Scully: Let me go back to something you said earlier about the role of women in the military. Do you draw the line in the role that they play, particularly whether it's ground combat or frontline defense?
Chu: There is, in a set of agreements partially enshrined in law between the Congress and the executive branch - and Congress has spoken rather pointedly on this issue over the years - a line that's drawn, and that is women are not allowed in units that will participate in direct ground combat where the individual is using an individual or crew-served weapon to engage the enemy and is exposed to enemy fire. The services and regulations that we monitor may also exclude women from a small number of skill areas where its not feasible to provide separate quarters, and that goes to issues like the submarines and so on and so forth. But beyond that -
Scully: So the effort that we've been seeing in Afghanistan with the Navy SEAL troops that have been on the ground and in helicopter.
Chu: The special forces SEAL units themselves do not take women. On the other hand, women may be pilots or crew chiefs for helicopters that take people into forward areas. That's been true for a long time.
Scully: Do you think that will change at all in the coming years?
Chu: No, sir, I don't expect a change.
Scully: Next call is from Greenville, South Carolina. Good morning.
Caller: Good morning, how are you today?
Chu: Fine, thank you. How are you?
Caller: Great. I was calling, I have a comment and then a question.
Chu: Yes, ma'am?
Caller: I have a relative that was given a full scholarship to West Point. I feel that there might be problems with the testing environment because after he made it through West Point and they were about to send him off on his first stint, basically he found Jesus and said, "You know, I can't possibly kill people." He is from Georgia. I just thought, you know, you ruined somebody else's life in Georgia that could have gone and actually gone through with their missions. And I always was curious about the testing and how you test for aggressiveness.
Scully: Caller, when did this take place? When was he accepted and then decided not to go?
Caller: Within the last four years.
Chu: Well, appointees to the military academies go through a lengthy and vigorous testing process, but it is the case - these are young men and women. They're typically 17, 18, 19 years old. They often have not fully decided what they want to do with their lives or what their views are on some of these kinds of issues. It is not surprising, it's not unknown, to find young people - and we don't criticize this - who change their minds about whether this is the right thing for them to do.
So that does happen. We try to preclude it by being sure we've interviewed people thoroughly, and they're interviewed at a variety of levels before they are appointed, but it does happen.
Scully: When one enlists in the Navy at the same level as he or she may enlist in the Army, is there a pay difference, or is it pretty much across the board?
Chu: No. We have a uniform pay scale for the entire military system. It's the same in any particular military service.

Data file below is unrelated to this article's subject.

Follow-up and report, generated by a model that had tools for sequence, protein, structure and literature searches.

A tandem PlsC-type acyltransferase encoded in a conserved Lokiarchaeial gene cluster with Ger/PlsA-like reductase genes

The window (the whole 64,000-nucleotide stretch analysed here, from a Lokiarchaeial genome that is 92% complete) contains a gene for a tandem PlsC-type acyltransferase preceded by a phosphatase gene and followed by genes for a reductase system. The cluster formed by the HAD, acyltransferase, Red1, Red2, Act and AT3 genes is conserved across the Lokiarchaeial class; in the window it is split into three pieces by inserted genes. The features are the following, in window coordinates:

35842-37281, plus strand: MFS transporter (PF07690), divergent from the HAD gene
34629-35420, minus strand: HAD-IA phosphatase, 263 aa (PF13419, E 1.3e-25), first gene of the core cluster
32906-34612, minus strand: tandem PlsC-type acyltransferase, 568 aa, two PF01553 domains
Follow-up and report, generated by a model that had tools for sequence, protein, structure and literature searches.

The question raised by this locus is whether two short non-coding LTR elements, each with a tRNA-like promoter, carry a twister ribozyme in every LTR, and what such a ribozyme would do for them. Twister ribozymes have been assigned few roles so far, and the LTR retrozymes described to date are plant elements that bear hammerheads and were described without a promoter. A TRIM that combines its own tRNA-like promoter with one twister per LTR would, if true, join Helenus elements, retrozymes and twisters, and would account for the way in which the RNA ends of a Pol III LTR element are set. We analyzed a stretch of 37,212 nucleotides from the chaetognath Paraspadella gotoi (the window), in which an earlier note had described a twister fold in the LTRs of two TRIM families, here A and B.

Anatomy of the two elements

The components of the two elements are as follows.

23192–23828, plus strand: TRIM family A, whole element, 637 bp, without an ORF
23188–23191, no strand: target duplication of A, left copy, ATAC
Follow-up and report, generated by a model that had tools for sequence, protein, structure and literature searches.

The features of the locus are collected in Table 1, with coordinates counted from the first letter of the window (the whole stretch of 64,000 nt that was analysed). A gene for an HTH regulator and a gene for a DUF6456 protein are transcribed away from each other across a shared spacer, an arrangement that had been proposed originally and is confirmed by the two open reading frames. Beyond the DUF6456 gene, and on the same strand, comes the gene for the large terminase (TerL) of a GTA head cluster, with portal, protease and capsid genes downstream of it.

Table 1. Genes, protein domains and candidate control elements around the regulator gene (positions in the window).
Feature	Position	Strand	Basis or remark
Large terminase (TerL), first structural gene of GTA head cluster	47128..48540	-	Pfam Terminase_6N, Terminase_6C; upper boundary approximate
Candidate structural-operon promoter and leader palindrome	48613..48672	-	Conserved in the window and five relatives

Scully: So for that individual, what would he or she earn in one year?
Chu: It depends on where you are, but an entry level person is going to make - in terms of all the elements of compensation that we provide - on the order of $15,000-20,000 a year as a starting point, at the very bottom. Now, it moves up from there. If you have a certain amount of college, if you come in through a special program, you may get more money. You may get a signing bonus, basically, and we do pay signing bonuses.
Scully: Next call is Santa Clarita, California. Good morning, for Dr. David Chu of the Pentagon.
Caller: Good morning, I'm surprised I'm on.
I'm a mother of four boys, and I live in California. And I know that we've been selling our military bases even here as we speak, and I know that we might need these bases, and how are we ever going to get them back? Property is so expensive here.
Then I need to know why - our schools are in such danger and, you know, overcrowded. Can't we combine the school system with the military for children, as Israel does for their four-year olds? I think it would be something that we could help prepare our youth and start getting them ready for, maybe, this war on terrorism.
Scully: Thank you. We'll get a response.
Chu: Let me answer your second question first. In many communities - this depends very much on the local situation - there is a community school on the military base to which children from both the civil society and the military may go. That's very much a local situation; it depends on the demography of that area.
On your larger question about our bases, with the end of the Cold War and the shrinking American military, the Department concluded it didn't need as many - particularly the smaller bases - that it once had. That process continues. We estimate that about one-fifth or one-quarter of the bases we have today probably aren't really needed for the military of tomorrow. We're going to go through - Congress has given authority -- in 2005, another big round of what's called base realignment and closure, and that will reshape the bases that we do retain for the 21st century. We are careful to keep those installations that have high military value. But some of these places really date from the mid-19th century in terms of their structure, size, location, et cetera, and are no longer appropriate as military installations.